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|The Crisis||H. G. [Herbert George] Wells|
|Page 1 of 2||
We left Miss Stanley with Ann Veronica's fancy dress in her hands and her eyes directed to Ann Veronica's pseudo-Turkish slippers.
When Mr. Stanley came home at a quarter to six--an earlier train by fifteen minutes than he affected--his sister met him in the hall with a hushed expression. "I'm so glad you're here, Peter," she said. "She means to go."
"Go!" he said. "Where?"
"To that ball."
"What ball?" The question was rhetorical. He knew.
"I believe she's dressing up-stairs--now."
"Then tell her to undress, confound her!" The City had been thoroughly annoying that day, and he was angry from the outset.
Miss Stanley reflected on this proposal for a moment.
"I don't think she will," she said.
"She must," said Mr. Stanley, and went into his study. His sister followed. "She can't go now. She'll have to wait for dinner," he said, uncomfortably.
"She's going to have some sort of meal with the Widgetts down the Avenue, and go up with them.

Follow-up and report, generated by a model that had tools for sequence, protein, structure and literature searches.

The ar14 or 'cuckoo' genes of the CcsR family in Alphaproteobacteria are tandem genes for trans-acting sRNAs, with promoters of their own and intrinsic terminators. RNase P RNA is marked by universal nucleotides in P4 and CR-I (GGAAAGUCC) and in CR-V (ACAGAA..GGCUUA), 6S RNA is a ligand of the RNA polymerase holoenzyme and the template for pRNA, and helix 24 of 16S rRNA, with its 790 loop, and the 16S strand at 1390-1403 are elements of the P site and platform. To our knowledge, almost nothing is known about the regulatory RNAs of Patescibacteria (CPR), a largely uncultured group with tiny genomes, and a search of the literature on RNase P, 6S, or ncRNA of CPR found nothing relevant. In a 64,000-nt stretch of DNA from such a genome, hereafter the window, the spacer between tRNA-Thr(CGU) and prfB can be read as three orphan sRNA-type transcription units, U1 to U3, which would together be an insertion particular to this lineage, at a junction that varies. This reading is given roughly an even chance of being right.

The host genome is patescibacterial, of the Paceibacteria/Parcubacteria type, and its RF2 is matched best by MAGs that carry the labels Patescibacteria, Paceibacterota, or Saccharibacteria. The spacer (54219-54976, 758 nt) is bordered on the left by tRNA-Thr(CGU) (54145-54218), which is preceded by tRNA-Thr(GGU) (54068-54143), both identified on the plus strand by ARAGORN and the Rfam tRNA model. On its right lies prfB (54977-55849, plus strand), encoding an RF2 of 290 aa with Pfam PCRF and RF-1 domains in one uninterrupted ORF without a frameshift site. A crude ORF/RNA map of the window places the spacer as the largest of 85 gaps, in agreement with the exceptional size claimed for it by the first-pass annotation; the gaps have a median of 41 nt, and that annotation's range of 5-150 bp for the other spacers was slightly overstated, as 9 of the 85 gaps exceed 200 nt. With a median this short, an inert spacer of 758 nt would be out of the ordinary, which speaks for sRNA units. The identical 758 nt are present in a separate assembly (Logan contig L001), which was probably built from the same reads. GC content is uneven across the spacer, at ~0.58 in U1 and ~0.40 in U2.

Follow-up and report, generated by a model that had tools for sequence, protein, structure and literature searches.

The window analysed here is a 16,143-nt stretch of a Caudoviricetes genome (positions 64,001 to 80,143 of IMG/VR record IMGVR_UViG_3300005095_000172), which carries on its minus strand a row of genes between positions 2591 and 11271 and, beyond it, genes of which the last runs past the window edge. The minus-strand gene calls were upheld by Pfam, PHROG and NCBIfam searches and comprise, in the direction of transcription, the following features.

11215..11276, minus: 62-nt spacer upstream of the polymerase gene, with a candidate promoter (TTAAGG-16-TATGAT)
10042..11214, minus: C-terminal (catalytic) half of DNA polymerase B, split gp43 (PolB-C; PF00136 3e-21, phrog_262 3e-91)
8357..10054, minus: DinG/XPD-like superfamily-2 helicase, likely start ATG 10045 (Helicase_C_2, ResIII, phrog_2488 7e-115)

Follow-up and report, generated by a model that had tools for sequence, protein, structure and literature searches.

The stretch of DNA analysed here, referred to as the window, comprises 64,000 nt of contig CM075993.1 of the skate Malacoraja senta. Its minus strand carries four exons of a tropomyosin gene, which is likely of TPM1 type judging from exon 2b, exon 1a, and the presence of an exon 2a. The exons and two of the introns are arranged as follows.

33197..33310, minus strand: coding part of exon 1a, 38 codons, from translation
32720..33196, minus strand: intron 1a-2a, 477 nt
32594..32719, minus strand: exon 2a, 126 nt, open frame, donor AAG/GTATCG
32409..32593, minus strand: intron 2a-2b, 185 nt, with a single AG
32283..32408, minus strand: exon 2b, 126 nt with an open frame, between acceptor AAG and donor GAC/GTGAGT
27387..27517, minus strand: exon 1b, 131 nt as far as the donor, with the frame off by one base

"She told you that?"
"But why didn't you prohibit once for all the whole thing? How dared she tell you that?"
"Out of defiance. She just sat and told me that was her arrangement. I've never seen her quite so sure of herself."
"What did you say?"
"I said, 'My dear Veronica! how can you think of such things?' "
"She had two more cups of tea and some cake, and told me of her walk."
"She'll meet somebody one of these days--walking about like that."
"She didn't say she'd met any one."
"But didn't you say some more about that ball?"
"I said everything I could say as soon as I realized she was trying to avoid the topic. I said, 'It is no use your telling me about this walk and pretend I've been told about the ball, because you haven't. Your father has forbidden you to go!' "
"She said, 'I hate being horrid to you and father, but I feel it my duty to go to that ball!' "
"Felt it her duty!"
" 'Very well,' I said, 'then I wash my hands of the whole business. Your disobedience be upon your own head.' "
"But that is flat rebellion!" said Mr. Stanley, standing on the hearthrug with his back to the unlit gas-fire. "You ought at once--you ought at once to have told her that. What duty does a girl owe to any one before her father? Obedience to him, that is surely the first law. What CAN she put before that?" His voice began to rise. "One would think I had said nothing about the matter. One would think I had agreed to her going. I suppose this is what she learns in her infernal London colleges. I suppose this is the sort of damned rubbish--"
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H. G. [Herbert George] Wells
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